Page One: The writing is a bit blurred on this advert, but from what I can make out, the price at Rowans of 70 Buchanan Street for Officers’ uniforms were as follows:
Air Force Tunic: £9-6-6d
Trousers: £3-10-0d
Greatcoat: $14 – 4 -6d.

For comparison of what money bought back then, please check out this site for wartime prices.

Page Two: Scottish War Plant Closed. A war factory at Mossend, Lanarkshire, closed down on Saturday. When the factory was in full production over 500 men were employed, but recently only part of the plant was in operation. Members of the staff have received their notices. One hundred and twenty men are affected.

The above post is interesting when compared with the following one.

Page Three: Need for Private Enterprise. Mr Anthony Eden on Saturday urged that private enterprise should not be stifled after the war. He told Bristol Conservative and Unionist Association that the issue which would confront Britain when Germany and Japan were laid low was whether British industry would be able not only to re-establish itself, but markedly to raise pre-war levels.

Page Four: Food Facts.  Vitamin Foods. In view of the approaching winter, please see that every child under five gets cod liver oil and orange juice every day.

Page Five: Going My Way. Bing Crosby, after travelling so many roads to different places that all turned out to be the same, has deserted his fellow-voyagers, Hope and Lamour, and has gone up a rather odd side-turning to make ‘Going My Way’ (Paramount). In this he plays a young Roman Catholic priest who is sent to renovate a New York parish going downhill; he reforms the local Dead End Kids and sets them to singing Ave Marias, saves young girls from the streets, and raises money for the debt-laden church by composing and selling a sermon in song, a sort of Crooners’ Creed.

Certainly this sounds like the most dreadful slush, but, oddly enough, it is not. This is largely thanks to the acting – Mr Crosby’s diffident charm remains as strong as ever in a clerical suit, and Barry FItzgerald’s playing of an old priest, dry and eccentric, is as good a character sketch as any the screen has given us for some time.

… Altogether, we are still inclined to go Mr Crosby’s way, whether he is heading for Mandalay or the New Jerusalem.

Page Six: Peebles Auction Market. Owing to foot-and-mouth disease restrictions, the sale advertised for Friday, 13th October, has been meantime postponed.

A terraced house for sale at in Bellevue Road, Ayr, comprising 3 public rooms, 7 bedrooms, a kitchen  and servants’ accommodation was being offered for £2,250. I checked on modern-day prices for the same property. The building has now been divided into flats, with one recently priced at £197,844 and the other at £228,500!

Wartime Rations – Day Three

No food photographs today as breakfast was toast and marmalade, and lunch will be leftovers from yesterday’s evening meal. I’m heading out to ‘the pictures’ with a friend this evening, so will be grabbing something to eat at the mall. Keeping in the wartime spirit, I’m planning to enjoy a fish supper/fish and chips. If fish isn’t available, I’ll make do with chips.

Sunday post 1October 8th 1944 was a Sunday. There was no edition of The Glasgow Herald on Sundays during wartime, so I tried to find examples of other newspapers online, especially The Sunday Post which was a fixture in most Scottish households. I was unsuccessful, but I did find a link to a documentary on the 100th year anniversary of this iconic Scottish paper which also includes accounts of the paper’s experience during both world wars. (Minutes 37.55 – 40.30 for WW2.)

Anne worked for The Daily Record in Glasgow, so I asked her about what Sunday papers were available, and also about her experiences working in a newspaper office.  I also asked:  Given there was no edition on Sunday, I assume they didn’t work on Saturday, but must have had to work on a Sunday to get the Monday edition out.  How did that square the very Presbyterian notion of keeping the Sabbath holy?  Do you remember?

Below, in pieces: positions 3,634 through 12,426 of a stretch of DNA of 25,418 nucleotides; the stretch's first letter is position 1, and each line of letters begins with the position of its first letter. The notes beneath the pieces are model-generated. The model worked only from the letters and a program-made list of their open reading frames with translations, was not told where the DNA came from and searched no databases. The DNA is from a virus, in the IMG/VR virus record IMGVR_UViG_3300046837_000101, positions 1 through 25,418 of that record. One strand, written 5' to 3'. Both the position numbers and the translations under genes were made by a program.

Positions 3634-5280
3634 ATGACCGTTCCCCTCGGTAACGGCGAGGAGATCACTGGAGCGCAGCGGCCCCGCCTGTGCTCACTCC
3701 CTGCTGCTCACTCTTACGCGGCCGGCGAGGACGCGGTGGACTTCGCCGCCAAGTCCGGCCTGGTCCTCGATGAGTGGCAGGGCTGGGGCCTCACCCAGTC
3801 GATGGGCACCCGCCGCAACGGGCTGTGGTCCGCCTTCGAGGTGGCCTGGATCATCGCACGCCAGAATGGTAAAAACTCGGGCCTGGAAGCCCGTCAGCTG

One of the things I love about eye-witness accounts are the details you can’t find in history books, so here are Anne’s memories.

anne2013No memories really of its interfering with church.  I can’t see that anyone would have accepted having to wait till Monday for write-ups about the dozens of football matches on Saturday afternoons.

broons2

The Broons in The Sunday Post, February 1944

Most households would take The Sunday Post along with one or maybe two others; the Sunday Post was the demand of children for Oor Wullie sitting on his up-turned bucket and, of course, The Broons.

Most newspaper businesses did publish a Sunday paper but under a different name. You could perhaps find out by looking up Outram Press on Internet.  I worked for the rivals: the Kemsley Press in Hope Street.  My first job there was to sit with headphones on, from about 3 in the afternoon till 10 or 11 at night, taking ‘stories’ from correspondents all over Scotland for Kemsley’s morning paper, ‘The Daily Record’ , straight on to the typewriter for local calls and using shorthand for ‘long distance’ or ‘trunk’ calls.  These could be anything from the latest news in a court case to the prices obtained at the latest cattle auction, and had to be taken straight to the chief reporter.   Kemsley also published ‘The Evening News’ and on Sundays ‘The SundayMail’.  I got one day off a week and, not being involved in The Sunday Mail’, had Saturday off as well, so was having a 5-day week when most working people were still working half-day on Saturday.

I loved the feeling of ‘things happening’, was fascinated by the men operating the Linotype machines which pulled down the tiny lead (I think) characters (known as slugs) from the slots which surrounded the operator and was used to form the text; loved to go down to the basement and watch the huge, noisy presses in action as papers poured out, and watching as photographs from distant parts printed themselves oh-so-slowly, dot by dot, line by line, and eventually made a picture – do you remember those pictures? If you looked carefully you could see the individual dots, all varying shades of palest grey to black which resolved themselves into a printable illustration.